Do you have any funny delivery truck run-in stories?

Lucas is a hoot, he’s a sweet pea. I always see him at music events. We have all these mutual friends that are musicians, and he’s hanging out with them. It’s such a small world... Lucas is everywhere I go when it comes to music.

Photo by Allison Smoler. Photo by Allison Smoler.

What’s your standard plan of action when it comes to leftover veggies?

If I’m not getting a box, I’ll use them. I’ll donate them to friends who are having a challenging time or need food. A lot of times I’m out of town on Fridays, so I’ll have the neighbors come by and check around 7 pm (when the pick up window closes) for extra veggies. They always get used, and nothing goes to waste. I use what I can, but I always share.

What is your favorite veggie? What veggie stumps you the most?

Cukes, peppers, and tomatoes are my favorites... I like all those together. My favorite season is summer for veggies. I like all veggies though. I can’t think of anything that I don’t use besides the sweet potato vines. I just don’t know how to use them!

My favorite thing that comes in the box is melons. Oh my goodness, I love melons. When it’s melon season, I freak out. I had a melon in my box last week or the week before that was like a cross between a honeydew and something yellow-y. It was spot on. It was perfectly ripe to eat right then, and I did.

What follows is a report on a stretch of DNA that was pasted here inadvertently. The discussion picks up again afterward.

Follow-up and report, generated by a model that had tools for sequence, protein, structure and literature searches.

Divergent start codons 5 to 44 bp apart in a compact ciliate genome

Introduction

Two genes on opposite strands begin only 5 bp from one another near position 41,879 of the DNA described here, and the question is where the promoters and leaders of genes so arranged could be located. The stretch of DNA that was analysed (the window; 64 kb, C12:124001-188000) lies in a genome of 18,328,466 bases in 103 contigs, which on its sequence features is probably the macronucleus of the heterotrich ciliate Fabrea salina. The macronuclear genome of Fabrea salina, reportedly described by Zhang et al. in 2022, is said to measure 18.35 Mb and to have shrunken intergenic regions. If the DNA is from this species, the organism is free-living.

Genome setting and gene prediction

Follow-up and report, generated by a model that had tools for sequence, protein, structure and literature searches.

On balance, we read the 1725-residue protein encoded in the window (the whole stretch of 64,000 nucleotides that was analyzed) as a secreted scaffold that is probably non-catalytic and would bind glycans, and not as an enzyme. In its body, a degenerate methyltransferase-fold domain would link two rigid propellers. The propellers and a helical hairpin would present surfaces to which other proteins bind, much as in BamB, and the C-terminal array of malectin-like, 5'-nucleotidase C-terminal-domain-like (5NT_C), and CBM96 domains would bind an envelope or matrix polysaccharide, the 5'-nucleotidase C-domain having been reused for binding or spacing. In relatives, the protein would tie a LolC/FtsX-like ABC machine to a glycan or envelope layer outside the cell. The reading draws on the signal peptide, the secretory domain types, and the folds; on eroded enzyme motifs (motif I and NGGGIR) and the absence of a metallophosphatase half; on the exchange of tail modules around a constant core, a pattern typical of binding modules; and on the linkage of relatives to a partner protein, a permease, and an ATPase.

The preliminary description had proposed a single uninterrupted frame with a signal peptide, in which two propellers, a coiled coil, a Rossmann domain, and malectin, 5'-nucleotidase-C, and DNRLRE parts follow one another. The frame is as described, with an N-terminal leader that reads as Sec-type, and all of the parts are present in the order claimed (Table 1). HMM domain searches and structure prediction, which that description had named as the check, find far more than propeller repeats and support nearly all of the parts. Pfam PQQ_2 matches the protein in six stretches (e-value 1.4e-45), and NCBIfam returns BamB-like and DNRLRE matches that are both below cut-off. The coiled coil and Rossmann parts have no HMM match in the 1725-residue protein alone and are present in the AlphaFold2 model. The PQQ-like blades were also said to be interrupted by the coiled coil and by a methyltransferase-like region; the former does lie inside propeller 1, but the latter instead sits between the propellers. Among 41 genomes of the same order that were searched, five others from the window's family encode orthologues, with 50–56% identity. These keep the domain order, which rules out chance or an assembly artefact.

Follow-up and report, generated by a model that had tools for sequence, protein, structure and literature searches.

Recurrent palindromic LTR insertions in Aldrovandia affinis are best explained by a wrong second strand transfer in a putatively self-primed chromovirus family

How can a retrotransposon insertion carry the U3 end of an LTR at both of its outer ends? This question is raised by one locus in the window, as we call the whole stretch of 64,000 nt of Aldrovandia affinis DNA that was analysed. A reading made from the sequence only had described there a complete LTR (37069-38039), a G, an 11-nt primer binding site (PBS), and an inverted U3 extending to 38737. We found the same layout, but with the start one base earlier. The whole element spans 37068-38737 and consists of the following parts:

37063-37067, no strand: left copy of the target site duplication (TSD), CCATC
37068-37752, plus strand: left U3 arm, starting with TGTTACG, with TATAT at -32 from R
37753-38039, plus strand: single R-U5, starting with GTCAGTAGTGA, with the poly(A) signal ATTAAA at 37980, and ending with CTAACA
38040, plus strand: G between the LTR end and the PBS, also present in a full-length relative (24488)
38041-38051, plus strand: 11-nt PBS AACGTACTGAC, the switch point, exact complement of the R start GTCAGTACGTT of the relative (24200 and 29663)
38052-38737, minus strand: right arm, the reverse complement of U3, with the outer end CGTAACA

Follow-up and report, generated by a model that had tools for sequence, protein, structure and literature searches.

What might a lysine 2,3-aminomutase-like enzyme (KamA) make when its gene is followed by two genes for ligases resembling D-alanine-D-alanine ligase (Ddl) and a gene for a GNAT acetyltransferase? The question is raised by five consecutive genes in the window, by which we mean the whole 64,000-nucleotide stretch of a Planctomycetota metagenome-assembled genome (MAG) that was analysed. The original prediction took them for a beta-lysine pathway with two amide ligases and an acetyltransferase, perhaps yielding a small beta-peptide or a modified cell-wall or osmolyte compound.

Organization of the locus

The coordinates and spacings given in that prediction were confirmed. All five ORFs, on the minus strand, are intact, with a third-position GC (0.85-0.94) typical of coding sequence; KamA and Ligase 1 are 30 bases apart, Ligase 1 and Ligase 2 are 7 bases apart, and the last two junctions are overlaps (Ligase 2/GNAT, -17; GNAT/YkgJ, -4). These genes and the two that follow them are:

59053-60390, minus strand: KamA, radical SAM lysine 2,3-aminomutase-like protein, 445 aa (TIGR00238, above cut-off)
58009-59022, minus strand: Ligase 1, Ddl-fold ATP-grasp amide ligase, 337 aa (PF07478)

Photo by Allison Smoler. Photo by Allison Smoler.

What is your favorite recipe?

I would have to say a pasta sauce because I can utilize so many of the veggies - onions, tomatoes, peppers, garlic, zucchini, squash. Anything that can be chopped up and put into pasta sauce, I do that. Because I’m cajun, we always use onion, green pepper, and celery. So, I just add everything else on top of that.

I prefer any recipes where you can use a ton of the veggies, and pasta sauce is definitely one of those. You can put everything but the kitchen sink in it.

Where did you learn to cook?

My grandmother, Mawmaw, and mom taught me. Though when I was growing up, I didn’t want to eat anything but junk food. I would eat away from the house, but as I got older and started living on my own, I would call both of them for the recipes that I grew up with. My darling daughter, Sharamay, and I went to visit Mawmaw a couple of years ago when she was 101 in Louisiana (she's 104 now!). Mawmaw always made fig preserves and kumquat preserves for us growing up, and we have pictures of her and Sharamay from that trip standing at the stove stirring kumquats. Even at 101 she is still teaching the art of cooking. She doesn’t remember all the recipes anymore, but my mother sure does.

Mawmaw and Sharamay in 2013. Mawmaw and Sharamay in 2013.

Sharamay, Mawmaw, and Evelise. Sharamay, Mawmaw, and Evelise.